On Mars, wind rules. Wind has been shaping the Red Planet’s landscapes for billions of years and continues to do so today. Studies using both a NASA orbiter and a rover reveal its effects on scales grand to tiny on the strangely structured landscapes within Gale Crater.
NASA’s Curiosity Mars rover, on the lower slope of Mount Sharp — a layered mountain inside the crater — has begun a second campaign of investigating active sand dunes on the mountain’s northwestern flank. The rover also has been observing whirlwinds carrying dust and checking how far the wind moves grains of sand in a single day’s time.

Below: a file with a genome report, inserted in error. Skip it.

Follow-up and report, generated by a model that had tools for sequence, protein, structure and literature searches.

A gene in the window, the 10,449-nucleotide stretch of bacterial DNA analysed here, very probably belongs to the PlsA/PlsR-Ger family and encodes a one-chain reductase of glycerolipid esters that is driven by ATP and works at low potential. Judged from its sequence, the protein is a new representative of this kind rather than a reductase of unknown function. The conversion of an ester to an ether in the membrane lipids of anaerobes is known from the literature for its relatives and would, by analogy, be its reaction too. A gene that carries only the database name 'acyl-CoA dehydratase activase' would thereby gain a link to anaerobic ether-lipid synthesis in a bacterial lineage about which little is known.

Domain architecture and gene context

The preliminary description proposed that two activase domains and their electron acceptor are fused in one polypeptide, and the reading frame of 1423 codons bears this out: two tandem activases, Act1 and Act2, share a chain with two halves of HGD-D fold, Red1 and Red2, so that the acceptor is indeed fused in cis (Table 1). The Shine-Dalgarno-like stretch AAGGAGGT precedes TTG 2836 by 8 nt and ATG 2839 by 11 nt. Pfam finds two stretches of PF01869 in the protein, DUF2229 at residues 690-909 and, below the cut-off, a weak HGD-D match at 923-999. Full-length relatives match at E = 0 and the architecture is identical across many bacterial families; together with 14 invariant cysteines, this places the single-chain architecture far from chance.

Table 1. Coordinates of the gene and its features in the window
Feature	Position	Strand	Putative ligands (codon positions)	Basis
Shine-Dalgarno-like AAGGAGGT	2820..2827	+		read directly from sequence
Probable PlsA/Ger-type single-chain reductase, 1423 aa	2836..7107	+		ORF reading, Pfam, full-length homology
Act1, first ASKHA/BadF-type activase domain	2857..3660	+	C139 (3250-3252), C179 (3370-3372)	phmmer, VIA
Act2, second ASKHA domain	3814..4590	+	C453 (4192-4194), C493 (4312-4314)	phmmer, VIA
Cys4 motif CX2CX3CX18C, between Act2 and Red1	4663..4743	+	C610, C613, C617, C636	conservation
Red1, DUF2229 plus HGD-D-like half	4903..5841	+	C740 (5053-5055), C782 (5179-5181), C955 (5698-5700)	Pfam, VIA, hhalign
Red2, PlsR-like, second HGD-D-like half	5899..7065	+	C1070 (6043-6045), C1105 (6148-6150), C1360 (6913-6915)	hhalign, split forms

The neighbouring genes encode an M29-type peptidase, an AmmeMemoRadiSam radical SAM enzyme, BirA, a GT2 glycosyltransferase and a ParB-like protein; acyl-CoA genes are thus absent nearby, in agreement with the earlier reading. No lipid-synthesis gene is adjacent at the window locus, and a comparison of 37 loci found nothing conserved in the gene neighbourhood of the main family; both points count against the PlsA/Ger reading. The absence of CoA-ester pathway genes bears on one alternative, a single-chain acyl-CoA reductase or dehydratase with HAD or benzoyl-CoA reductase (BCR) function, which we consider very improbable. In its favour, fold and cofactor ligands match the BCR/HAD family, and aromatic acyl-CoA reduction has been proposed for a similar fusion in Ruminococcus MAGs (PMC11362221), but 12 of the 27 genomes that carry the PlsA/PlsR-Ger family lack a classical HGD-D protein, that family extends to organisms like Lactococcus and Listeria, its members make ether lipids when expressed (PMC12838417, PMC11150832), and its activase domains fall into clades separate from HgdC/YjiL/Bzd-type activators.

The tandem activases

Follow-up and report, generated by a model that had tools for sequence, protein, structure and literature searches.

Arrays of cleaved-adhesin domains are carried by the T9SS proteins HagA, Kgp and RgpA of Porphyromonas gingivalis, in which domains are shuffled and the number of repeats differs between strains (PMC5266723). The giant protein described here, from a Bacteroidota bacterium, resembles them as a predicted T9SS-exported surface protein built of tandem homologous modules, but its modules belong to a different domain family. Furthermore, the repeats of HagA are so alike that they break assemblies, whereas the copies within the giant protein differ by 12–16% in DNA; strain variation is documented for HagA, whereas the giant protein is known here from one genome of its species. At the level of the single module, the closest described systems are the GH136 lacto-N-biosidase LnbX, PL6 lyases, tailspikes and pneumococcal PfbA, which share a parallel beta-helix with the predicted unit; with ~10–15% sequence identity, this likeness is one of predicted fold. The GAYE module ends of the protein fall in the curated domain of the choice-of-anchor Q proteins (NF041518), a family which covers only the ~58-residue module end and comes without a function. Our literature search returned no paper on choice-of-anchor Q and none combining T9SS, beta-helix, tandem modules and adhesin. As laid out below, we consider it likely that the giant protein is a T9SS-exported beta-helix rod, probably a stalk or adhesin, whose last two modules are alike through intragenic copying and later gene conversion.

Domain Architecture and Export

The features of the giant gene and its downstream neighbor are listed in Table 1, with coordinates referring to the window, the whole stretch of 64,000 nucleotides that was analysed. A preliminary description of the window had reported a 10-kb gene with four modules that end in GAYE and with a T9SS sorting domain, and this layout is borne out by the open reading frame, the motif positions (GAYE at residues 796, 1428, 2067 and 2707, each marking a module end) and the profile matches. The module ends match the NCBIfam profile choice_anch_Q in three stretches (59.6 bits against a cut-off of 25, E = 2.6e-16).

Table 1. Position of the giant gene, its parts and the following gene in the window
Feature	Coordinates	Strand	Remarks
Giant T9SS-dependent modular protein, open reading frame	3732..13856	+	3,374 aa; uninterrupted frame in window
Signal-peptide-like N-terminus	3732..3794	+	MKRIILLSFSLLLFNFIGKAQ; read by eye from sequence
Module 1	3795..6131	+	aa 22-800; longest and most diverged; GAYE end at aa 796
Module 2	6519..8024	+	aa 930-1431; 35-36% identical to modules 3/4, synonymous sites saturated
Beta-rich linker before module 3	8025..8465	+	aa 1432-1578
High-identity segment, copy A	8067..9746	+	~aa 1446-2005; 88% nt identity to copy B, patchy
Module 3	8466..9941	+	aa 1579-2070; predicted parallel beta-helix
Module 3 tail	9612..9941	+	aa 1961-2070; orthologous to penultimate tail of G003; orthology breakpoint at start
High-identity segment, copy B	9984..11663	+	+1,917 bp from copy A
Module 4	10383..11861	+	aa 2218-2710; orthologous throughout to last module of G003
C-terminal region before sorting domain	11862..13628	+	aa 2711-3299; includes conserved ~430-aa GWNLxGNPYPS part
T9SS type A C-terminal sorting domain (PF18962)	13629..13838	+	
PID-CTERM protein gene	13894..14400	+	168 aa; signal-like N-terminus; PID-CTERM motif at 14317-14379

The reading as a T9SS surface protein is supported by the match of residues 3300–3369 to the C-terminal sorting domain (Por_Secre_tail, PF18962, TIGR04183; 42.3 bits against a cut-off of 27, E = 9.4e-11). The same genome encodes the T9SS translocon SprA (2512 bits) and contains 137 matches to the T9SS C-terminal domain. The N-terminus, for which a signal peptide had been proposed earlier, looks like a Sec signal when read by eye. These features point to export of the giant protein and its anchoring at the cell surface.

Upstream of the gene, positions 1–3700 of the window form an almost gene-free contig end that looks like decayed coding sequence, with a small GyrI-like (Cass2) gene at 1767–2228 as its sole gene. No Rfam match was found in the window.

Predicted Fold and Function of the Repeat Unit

Gale Crater observations by NASA’s Mars Reconnaissance Orbiter have confirmed long-term patterns and rates of wind erosion that help explain the oddity of having a layered mountain in the middle of an impact crater.
“The orbiter perspective gives us the bigger picture — on all sides of Mount Sharp and the regional context for Gale Crater. We combine that with the local detail and ground-truth we get from the rover,” said Mackenzie Day of the University of Texas, Austin, lead author of a research report in the journal Icarus about wind’s dominant role at Gale.
The combined observations show that wind patterns in the crater today differ from when winds from the north removed the material that once filled the space between Mount Sharp and the crater rim. Now, Mount Sharp itself has become a major factor in determining local wind directions. Wind shaped the mountain; now the mountain shapes the wind. [More at links]